Bus Rapid Transit In Name Only

San Diego provides a case study for how bus rapid transit sometimes fails to meet the standards befitting its name.
April 7, 2017, 12pm PDT | James Brasuell | @CasualBrasuell
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Alon Levy contributes to Voice of San Diego in an article critical of San Diego, California's Rapid bus system, operated by the San Diego Metropolitan Transit System.

A summary of Levy's argument in the article: "In branding, San Diego’s Rapid bus looks as sleek as the best bus rapid transit systems. But on the ground, it falls short of the standards for good bus service."

Levy is calling out San Diego's Rapid bus system as an example of "BRT creep." According to Levy, BRT creep is defined as "when a transit agency sells an improvement to the public as BRT, but due to cost considerations or political opposition, it ends up providing something only marginally faster than a regular bus."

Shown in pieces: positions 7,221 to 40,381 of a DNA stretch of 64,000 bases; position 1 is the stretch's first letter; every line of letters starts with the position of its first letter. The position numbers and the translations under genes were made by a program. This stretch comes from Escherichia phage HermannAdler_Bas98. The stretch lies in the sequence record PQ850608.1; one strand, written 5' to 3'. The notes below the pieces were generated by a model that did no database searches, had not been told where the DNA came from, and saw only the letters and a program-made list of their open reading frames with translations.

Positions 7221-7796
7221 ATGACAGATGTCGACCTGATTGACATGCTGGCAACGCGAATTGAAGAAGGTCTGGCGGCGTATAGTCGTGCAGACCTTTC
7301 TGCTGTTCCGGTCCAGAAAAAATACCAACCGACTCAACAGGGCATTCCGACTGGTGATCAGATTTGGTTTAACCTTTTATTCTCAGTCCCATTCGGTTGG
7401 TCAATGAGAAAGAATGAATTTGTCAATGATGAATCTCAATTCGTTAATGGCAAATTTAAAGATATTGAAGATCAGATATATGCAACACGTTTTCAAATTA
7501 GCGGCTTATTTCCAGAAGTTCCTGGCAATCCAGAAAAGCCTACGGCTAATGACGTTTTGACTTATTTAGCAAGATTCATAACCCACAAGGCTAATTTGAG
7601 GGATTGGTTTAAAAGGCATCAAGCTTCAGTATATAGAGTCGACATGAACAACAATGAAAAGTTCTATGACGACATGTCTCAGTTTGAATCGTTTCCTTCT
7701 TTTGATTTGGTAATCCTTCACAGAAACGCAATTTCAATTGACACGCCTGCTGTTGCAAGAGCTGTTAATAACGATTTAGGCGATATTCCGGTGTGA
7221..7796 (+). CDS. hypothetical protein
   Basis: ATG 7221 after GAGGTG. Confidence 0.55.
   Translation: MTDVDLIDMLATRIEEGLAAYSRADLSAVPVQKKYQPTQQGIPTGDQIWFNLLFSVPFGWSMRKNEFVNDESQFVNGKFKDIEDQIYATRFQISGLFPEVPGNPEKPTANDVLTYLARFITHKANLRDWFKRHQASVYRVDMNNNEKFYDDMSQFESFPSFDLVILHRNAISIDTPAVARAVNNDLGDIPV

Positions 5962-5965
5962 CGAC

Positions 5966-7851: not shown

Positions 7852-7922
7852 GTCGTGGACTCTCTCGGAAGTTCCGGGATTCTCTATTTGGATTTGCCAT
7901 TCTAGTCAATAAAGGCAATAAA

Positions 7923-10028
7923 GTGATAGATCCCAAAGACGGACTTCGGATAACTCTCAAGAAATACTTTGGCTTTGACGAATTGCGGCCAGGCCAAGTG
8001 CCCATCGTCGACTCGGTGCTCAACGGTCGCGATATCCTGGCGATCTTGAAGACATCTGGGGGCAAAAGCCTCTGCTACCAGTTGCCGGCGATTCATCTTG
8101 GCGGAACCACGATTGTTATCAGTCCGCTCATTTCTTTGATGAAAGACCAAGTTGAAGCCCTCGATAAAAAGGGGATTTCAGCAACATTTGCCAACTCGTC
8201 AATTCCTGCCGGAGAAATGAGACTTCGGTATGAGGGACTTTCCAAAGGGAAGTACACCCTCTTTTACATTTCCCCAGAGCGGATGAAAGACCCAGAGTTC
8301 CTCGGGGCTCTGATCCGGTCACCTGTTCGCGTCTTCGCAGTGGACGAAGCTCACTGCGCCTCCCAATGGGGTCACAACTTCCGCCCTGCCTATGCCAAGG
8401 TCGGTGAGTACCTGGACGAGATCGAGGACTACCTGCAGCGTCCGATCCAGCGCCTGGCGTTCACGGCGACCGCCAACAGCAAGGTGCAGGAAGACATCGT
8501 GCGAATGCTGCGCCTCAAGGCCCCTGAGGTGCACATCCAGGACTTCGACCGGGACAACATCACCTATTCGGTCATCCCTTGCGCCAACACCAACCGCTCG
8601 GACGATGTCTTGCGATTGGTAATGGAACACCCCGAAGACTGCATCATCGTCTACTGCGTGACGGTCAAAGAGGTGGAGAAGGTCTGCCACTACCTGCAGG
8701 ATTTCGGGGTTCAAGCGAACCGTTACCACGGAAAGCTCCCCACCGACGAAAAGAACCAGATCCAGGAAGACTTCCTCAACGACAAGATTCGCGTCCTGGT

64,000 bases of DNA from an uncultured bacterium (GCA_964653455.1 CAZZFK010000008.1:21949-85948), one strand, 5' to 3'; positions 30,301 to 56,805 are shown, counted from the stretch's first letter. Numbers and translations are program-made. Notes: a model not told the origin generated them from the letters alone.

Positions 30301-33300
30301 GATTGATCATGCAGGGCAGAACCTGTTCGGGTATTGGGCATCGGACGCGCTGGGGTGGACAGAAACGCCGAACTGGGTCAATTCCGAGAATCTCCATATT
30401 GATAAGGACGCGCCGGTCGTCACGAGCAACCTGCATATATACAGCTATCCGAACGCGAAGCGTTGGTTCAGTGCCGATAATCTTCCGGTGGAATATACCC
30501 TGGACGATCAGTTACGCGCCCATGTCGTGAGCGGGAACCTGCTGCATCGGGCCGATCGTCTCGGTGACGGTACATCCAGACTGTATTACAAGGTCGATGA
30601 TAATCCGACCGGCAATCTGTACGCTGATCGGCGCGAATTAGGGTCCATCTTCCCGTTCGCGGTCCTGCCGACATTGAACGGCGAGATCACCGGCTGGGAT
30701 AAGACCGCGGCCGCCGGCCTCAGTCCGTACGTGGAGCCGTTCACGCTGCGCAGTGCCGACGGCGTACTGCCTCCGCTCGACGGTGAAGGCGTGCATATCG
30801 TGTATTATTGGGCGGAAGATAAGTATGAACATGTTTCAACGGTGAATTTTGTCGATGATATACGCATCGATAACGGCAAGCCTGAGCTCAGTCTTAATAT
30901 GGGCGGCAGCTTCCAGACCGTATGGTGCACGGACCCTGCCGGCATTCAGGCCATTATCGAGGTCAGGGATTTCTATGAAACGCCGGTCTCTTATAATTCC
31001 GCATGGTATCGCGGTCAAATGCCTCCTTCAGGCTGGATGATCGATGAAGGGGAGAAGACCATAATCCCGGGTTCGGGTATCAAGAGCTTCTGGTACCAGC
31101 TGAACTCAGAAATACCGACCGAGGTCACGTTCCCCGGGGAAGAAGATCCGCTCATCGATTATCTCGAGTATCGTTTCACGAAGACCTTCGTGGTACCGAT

Using San Diego's Rapid bus as a case study, Levy is able to explore all the characteristics and ideas of optimized bus rapid transit. For more information on the best practices, as implemented (or not) by bus rapid transit systems around the world, check out the BRTdata.org platform. Planetizen has also covered the issue of BRT creep, without using that exact term, many times in the past:

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Published on Wednesday, March 29, 2017 in Voice of San Diego
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